So just because wars still exist and are being started, that means that the function of a memorial day is wrong? Since a memorial day doesn’t stop other wars from coming into existence, it is automatically a bad thing?
War is terrible. And yet, there will ALWAYS be war, somewhere in the world. That’s why Memorial Days are so important.
Okay, you two. Take it to Great debates.
Hey, that’s my job.
You’re right, dropzone. Sorry about the hijack. G. Nome just boggles my mind sometimes. I guess this was another one of those instances.
Actually, as usual, I can see her point as well as yours. There was a period in my life when I questioned the way Memorial Day was used.
BUT THIS THREAD IS FOR MAKING FUN OF DUMB WHITE FOLKS! Not a debate.
Well, say you work 14 hours a day for ten years and finally save up enough money for a 2 week holiday overseas. You’ve never been there but they tell you it’s nice. So, there you are fast asleep in your hotel room early one morning when you’re awakened by the strange sound of a bugle. You look out the window into the gloom and see a group of guys in uniforms. The last time they saw anyone who looked like you they were on the end of a bayonet. They are remembering how many of their friends were killed by your grandparents. Your children start to cry. Do you want your money back or not?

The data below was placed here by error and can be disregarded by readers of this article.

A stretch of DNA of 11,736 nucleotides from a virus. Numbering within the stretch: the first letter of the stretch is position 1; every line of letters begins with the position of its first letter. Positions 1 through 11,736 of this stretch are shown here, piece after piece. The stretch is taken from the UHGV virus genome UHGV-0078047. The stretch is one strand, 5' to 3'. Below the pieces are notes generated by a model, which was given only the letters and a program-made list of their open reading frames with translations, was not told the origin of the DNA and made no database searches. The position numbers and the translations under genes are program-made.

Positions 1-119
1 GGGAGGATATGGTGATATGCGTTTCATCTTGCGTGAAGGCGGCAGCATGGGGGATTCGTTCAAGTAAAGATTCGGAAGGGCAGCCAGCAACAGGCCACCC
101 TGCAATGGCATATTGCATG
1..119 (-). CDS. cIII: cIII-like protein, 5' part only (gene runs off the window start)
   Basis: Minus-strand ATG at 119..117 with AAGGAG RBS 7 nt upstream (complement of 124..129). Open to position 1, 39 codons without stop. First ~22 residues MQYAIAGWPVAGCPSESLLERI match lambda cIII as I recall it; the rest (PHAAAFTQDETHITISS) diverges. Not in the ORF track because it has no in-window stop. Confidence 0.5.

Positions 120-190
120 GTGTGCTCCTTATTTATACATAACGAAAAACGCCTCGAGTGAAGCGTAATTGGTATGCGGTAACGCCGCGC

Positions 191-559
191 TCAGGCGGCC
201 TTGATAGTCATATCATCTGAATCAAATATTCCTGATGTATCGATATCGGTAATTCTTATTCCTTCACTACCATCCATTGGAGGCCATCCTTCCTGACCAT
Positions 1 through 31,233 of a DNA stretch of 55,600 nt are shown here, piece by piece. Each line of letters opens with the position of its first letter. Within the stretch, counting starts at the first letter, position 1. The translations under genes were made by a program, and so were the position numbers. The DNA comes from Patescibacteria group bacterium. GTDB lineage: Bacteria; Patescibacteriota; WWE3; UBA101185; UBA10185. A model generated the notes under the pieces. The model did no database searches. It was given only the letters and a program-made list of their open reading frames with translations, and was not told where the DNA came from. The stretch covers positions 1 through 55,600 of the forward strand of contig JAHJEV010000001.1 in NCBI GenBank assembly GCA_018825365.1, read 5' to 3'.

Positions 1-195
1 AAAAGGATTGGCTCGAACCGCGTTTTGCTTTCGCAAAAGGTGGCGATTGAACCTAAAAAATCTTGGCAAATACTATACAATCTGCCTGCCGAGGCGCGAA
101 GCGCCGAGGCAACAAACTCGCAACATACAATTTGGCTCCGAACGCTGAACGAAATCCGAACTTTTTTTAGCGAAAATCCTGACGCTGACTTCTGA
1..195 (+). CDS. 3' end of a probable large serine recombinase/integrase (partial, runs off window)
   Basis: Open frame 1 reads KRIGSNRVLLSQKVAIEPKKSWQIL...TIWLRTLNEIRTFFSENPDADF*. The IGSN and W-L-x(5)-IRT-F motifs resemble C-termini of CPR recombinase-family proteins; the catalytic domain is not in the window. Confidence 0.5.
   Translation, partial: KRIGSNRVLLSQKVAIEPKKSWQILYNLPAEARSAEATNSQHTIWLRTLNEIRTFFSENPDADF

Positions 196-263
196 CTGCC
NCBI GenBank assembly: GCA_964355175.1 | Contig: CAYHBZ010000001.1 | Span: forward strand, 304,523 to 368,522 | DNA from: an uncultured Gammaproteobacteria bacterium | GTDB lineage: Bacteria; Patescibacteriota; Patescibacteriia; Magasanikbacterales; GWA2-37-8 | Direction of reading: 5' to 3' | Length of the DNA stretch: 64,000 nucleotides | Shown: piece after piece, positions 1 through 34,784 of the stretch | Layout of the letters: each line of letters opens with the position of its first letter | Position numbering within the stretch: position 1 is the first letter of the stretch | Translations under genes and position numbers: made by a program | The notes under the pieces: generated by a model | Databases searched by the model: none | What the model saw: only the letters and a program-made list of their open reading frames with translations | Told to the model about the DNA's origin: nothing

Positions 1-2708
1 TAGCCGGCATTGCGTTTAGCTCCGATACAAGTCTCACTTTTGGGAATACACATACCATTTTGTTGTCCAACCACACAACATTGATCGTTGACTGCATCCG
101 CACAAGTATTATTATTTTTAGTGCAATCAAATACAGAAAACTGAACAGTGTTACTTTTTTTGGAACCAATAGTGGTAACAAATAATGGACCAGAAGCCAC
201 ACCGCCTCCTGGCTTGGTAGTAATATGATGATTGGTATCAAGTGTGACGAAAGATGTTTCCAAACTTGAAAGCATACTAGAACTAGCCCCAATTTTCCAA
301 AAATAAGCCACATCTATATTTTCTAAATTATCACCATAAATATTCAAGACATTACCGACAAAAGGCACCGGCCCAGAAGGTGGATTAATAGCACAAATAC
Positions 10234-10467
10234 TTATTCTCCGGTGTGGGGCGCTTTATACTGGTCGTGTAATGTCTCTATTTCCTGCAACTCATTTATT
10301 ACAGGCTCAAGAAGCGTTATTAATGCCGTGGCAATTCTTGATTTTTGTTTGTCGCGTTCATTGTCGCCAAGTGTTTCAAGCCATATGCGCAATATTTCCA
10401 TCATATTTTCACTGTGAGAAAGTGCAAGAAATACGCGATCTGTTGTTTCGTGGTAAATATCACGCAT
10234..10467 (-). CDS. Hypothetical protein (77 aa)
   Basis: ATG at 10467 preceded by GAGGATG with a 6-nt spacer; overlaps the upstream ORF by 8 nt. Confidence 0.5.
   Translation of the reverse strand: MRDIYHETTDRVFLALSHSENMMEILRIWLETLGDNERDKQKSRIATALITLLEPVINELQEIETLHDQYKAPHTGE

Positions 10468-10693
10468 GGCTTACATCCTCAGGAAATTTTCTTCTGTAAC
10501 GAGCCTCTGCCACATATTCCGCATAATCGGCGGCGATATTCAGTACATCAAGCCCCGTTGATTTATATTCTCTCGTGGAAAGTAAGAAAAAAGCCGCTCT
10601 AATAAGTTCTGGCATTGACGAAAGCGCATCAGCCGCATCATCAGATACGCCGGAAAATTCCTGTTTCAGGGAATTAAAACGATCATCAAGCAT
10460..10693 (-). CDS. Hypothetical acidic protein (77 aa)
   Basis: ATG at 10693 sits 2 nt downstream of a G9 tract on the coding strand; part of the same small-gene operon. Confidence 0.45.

G. Nome… what the f*ck are you blithering about?
And are you implying that soldiers from WWII haven’t seen Japanese since the war?
And to reiterate what Coldfire said, Memorial Day is the remember everyone, friend or foe, who died in battle, not matter how noble or stupid the motives behind the wars were. People died, leaving behind friends and families who love and miss them. Many, I daresay most, soldiers regret having to kill people, having caused so much sorrow for so many people. For some, Memorial Day is a time to remember friends and family; for others, it is a time to atone for the horrors of war.
You’re a Kiwi? Odd comment then… given as how NZ troops didn’t fight in the Pacific in WWII.
Troops from our country fought through North Africa and through Italy, and the major focus of ANZAC day is the fallen in Europe in two world wars, sadness and a desire not to do it again.